It’s a place—once a town but no longer, a trail, a race and for the real devotees, a way of life. The “mushers” may come from many places and follow many professions but somehow this strange sport and custom of driving a sled over the frozen northlands behind a pack of dogs grabs certain folks and changes them forever. It becomes much more than a hobby or avocation. It’s their passion, perhaps the real focus, purpose and direction of their lives.
I have to admit that were I twenty years younger, I would very likely be looking for a way to stay in Alaska and seeking a mentor to help me learn and train and be able someday to do this myself. Yes, I’d like to follow my team across a thousand miles of wilderness through cold and snow and blizzards to finally pass beneath the burled arch in Nome that marks the end. Just to prove something to myself and get that sense of supreme achievement. Anyone who finishes is a champion, time notwithstanding. The last one through gets the “Red Lantern” award, but this is an award, not a booby prize or a sneer. Just to finish is a rare accomplishment.
Yesterday I toured the Iditarod Trail Committee headquarters and saw the bronze statue of the late Joe Redington and his dogs. I snapped a “selfie” in front of the sign proclaiming the place for what it is. I watched a video titled Why Do They Run? I got a little teary eyed in places. That’s how powerful this all can be. I felt an eerie sense of walking on sacred ground. True, probably few of the great names in the past have been there but some have. And there I was…
To run this race requires a fierce determination, sacrifice and struggle and dogged, unflagging persistence. It cannot be done in a day; not the preparation or the race itself. Although modern technology and the commercialization of the event have made it a bit more civilized, maybe slightly safer than it was back in 1973 when the first formal race was run, there are still stretches where you are all alone out there with nature. You could die and not be found for some time. Although you have to be the driver, you also have to trust and believe in your team. You and they are all a team and as multi-race veteran and three time second place runner Aliy Zirkle says, you are the seventeenth dog, the weakest one.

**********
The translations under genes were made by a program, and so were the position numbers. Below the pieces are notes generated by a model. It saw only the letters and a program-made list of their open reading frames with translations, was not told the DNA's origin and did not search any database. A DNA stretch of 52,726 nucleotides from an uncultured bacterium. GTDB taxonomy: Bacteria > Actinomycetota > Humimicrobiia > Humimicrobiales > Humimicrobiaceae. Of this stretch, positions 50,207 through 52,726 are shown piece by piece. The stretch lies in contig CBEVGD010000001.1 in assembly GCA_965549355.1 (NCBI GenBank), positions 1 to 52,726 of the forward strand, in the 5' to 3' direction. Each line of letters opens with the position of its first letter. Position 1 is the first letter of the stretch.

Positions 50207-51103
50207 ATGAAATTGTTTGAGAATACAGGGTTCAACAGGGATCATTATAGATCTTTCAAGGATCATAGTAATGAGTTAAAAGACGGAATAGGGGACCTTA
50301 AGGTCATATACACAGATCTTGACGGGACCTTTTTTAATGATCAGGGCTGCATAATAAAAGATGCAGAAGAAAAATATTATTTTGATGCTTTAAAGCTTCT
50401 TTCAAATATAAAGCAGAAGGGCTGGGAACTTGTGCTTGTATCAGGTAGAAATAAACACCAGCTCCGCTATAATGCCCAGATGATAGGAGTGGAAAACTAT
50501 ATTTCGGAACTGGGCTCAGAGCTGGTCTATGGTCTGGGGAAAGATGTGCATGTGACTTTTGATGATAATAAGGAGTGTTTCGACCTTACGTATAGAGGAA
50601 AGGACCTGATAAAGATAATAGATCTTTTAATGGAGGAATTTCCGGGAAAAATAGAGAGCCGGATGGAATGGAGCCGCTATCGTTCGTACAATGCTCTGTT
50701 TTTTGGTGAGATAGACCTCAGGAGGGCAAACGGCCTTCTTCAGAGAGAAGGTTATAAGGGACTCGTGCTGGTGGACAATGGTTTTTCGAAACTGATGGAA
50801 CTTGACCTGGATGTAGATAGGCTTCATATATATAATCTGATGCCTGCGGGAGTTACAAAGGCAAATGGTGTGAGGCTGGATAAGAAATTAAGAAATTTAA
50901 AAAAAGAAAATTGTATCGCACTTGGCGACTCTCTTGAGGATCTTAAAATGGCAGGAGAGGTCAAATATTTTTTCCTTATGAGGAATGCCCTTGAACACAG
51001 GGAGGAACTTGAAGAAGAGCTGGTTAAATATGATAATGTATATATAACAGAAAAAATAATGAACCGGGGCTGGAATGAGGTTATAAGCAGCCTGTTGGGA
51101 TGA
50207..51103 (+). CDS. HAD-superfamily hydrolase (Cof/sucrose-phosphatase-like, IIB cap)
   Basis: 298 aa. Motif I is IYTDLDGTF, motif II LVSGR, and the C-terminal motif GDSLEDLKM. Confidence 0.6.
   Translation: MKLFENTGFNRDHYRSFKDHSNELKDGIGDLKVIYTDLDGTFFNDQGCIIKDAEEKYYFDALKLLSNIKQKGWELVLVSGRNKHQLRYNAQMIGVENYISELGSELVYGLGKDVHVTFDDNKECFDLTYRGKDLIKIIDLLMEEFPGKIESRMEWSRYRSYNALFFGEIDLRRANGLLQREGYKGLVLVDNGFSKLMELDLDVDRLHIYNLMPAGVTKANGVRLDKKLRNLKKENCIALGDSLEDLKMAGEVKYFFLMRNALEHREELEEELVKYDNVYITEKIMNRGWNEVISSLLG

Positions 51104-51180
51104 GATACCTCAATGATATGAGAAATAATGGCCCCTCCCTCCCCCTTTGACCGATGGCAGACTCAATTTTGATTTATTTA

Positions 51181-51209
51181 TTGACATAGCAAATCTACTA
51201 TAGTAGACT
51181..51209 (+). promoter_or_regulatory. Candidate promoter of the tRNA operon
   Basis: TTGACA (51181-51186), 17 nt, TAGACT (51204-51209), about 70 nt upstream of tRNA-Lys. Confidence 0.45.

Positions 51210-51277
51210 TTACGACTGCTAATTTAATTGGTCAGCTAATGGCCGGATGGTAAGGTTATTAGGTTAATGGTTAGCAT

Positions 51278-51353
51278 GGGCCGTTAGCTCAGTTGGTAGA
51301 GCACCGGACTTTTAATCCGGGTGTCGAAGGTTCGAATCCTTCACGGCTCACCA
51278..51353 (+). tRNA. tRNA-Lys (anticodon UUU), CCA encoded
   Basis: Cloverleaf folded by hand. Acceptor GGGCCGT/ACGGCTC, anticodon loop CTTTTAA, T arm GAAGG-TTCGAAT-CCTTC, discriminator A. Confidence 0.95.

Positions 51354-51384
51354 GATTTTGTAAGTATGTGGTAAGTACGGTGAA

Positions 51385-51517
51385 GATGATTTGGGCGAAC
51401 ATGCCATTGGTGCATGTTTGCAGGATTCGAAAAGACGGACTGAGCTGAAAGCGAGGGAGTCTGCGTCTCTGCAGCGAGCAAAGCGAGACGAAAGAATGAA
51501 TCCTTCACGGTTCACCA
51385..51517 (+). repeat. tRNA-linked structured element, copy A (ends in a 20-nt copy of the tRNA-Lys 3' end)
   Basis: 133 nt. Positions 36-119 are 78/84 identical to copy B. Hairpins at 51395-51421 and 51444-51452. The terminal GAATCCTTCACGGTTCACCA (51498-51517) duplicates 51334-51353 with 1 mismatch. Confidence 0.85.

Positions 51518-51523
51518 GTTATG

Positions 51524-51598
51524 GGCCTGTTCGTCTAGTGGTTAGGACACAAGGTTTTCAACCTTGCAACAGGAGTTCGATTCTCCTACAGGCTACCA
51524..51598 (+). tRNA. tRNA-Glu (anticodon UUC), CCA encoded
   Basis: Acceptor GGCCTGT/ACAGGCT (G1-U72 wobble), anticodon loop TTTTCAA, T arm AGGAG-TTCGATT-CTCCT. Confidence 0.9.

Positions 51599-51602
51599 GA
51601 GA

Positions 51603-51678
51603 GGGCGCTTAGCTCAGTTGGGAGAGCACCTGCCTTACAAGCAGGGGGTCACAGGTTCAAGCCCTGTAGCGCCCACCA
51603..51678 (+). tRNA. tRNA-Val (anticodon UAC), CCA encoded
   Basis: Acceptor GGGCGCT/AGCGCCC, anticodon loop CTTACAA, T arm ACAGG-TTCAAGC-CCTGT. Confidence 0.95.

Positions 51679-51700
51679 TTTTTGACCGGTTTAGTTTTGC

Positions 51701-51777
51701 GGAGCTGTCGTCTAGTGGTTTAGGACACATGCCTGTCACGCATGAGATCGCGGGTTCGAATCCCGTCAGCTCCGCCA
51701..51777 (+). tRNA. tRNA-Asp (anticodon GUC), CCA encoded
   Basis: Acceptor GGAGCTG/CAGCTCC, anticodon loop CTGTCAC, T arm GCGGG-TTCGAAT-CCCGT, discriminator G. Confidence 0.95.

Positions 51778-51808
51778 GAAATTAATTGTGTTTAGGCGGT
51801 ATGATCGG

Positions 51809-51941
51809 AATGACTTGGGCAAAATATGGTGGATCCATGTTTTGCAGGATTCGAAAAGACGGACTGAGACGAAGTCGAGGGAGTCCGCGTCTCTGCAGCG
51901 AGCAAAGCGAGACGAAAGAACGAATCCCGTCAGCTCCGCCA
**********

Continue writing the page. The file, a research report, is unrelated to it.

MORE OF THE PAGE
I grew up riding and training horses and mules to serve as cowponies and to carry me and others into and back out of some of the rougher and more remote parts of Arizona. At the time it was much less developed and civilized land than it is today. From that experience I understand a bit of this bond of human and animal and the trust and synthesis that develops. I had mules make their way off dangerous mountains and canyons where a misstep could plunge us down a steep, rocky slope or even off a sheer cliff. Maybe it was dark or raining or bitter wind. I trusted that animal to be sure footed and careful, I too watched but he or she made the way. So in part I can identify with the incredible connection these mushers have with their dogs. I saw a poster today that read, “God made dogs so mushers could have heroes.” That feels very authentic.
Not too many folks these days get to experience this kind of thing. City life may let us have a pampered pet—most too fat and under exercised, just as we are. We and they may have a bond but it is not the same. The mutual dependence is not there, at least the life-or-death kind. This is part of what makes the race and others similar so unique and so special.
Alaska may be called the last frontier. Like other places to include my beloved southwest high desert, it has grown and become urbanized and artificial in places. Anchorage could be any city anywhere this time of year. Wasilla is much the same. But you drive a few miles beyond that and you are perhaps not quite back in the gold rush milieu but not so different. The weather is one big factor, the rugged mountains and so on. Parts of some of the western and mountain states in the lower forty-eight retain areas of this but Alaska is so big, so remote and still essentially new.
It simply has a different ethos, a different atmosphere. You love it or hate it. I admit the desert rat in me and the solar powered spirit within would suffer from the weather but were it not for that, I’d migrate. I really would. I’m still basically a frontier person, independent and misfitting in a city environment.
So I am drawn to Iditarod, all of its definitions and aspects. That’s why I want to write about it. There may well be more than one book before I am done. And yes, when I go home on August 18, I truly believe that I will be back.